This is a partial transcript from "Hannity & Colmes," May 29, 2007, that has been edited for clarity.

(BEGIN VIDEO CLIP)

CHRISTOPHER CHRISTIE, U.S. ATTORNEY: A clerk at a local store here in New Jersey came into possession of a video, which the defendants wanted dubbed onto a DVD. That local store clerk having viewed the video, of these people in military garb, yelling out jihadist statements and shooting semiautomatic weapons, brought his attention to the fact that there could be a problem.

(END VIDEO CLIP)

SEAN HANNITY, CO-HOST: That was U.S. attorney Christopher Christie praising the store clerk who alerted police to the suspicious activity of the Fort Dix Six. His careful eye thwarted what could have been a horrific terrorist attack.

And joining us now is the Fort Dix Six tipster. Brian Morganstern is with us. Thank you for — do you realize what you've done here now?

BRIAN MORGANSTERN, FORT DIX SIX TIPSTER: It's an honor to be here today.

HANNITY: It's an honor to meet you. It really is. Walk us through the story. These guys come in the store. They want 8-millimeter to DVD?

MORGANSTERN: Yes. So they asked me, basically, what the price of it was. And I told them how much it was going to cost. So they were interested. And I got started on the conversion. They left. I basically started the conversion process. Everything was working out OK. I continued working on other projects that I had to do.

HANNITY: You normally wouldn't watch the conversion?

MORGANSTERN: I keep an eye on it. I don't watch it from start to finish, only because there's other things that I can be doing at the same time.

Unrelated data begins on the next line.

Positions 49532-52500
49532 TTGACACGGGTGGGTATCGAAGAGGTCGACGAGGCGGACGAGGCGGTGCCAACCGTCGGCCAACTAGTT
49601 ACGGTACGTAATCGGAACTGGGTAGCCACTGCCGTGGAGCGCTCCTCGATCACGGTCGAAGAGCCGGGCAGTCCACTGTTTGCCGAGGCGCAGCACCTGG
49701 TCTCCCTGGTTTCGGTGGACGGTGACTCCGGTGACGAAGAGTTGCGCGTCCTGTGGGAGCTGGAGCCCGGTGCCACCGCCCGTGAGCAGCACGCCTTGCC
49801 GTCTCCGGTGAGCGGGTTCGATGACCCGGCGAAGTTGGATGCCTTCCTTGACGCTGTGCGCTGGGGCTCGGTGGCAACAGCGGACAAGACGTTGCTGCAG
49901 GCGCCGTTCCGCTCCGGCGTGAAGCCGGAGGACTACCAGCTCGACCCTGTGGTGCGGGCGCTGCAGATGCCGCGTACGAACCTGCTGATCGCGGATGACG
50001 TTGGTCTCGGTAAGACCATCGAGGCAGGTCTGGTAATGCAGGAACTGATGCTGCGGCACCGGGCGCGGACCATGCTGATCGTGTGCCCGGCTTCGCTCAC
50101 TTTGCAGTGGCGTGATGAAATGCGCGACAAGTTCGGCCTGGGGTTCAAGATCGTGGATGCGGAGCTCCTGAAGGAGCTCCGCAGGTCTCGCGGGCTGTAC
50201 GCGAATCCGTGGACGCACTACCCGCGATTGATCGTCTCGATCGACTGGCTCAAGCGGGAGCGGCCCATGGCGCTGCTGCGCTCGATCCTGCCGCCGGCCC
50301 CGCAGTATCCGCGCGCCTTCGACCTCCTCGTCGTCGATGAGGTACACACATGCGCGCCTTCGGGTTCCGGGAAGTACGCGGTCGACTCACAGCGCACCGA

HANNITY: What drew your attention to this tape?

MORGANSTERN: I glanced up, and I saw people firing handguns and rifles, and what it seemed to me as fully automatic weapons.

HANNITY: OK. And that in and of itself drew your attention there. We just heard the attorney mention jihadist rhetoric. Can you tell us what they were saying?

MORGANSTERN: No.

HANNITY: But that's obviously got to be an accurate statement. There were things said that really alarmed you.

MORGANSTERN: There was another language that I was unaware of, that I was unfamiliar with, basically.

HANNITY: Were there any words you could discern?

MORGANSTERN: No.

HANNITY: Tell us the next step. You then see this. You're suspicious. What did you do?

MORGANSTERN: I basically started thinking about it from that point on, whether or not this is something that I should contact the authorities over. And it was a difficult decision at first. And I went home, and I talked with my family about it. And we all came to the general conclusion that it was the right thing to do.

HANNITY: Right. Now, so when you finally contacted law enforcement they came in, they looked at the tape. What happened from there?

MORGANSTERN: They treated it very professionally, and they took it as a very serious matter. And when they looked at the tape, they decided that it was something to obtain a copy for.

HANNITY: How soon into the tape did they think, this is important?

MORGANSTERN: I can't really comment on that.

HANNITY: OK. This came up with a flying imam story where we have, you know, people see suspicious activity. They report it. Now there's a threat of a lawsuit here. I think the lessen here, and tell me if I am wrong, is that if people see something they think is suspicious, we should contact law enforcement in a post-9/11 world. Is that the lesson you would want people to get out of that?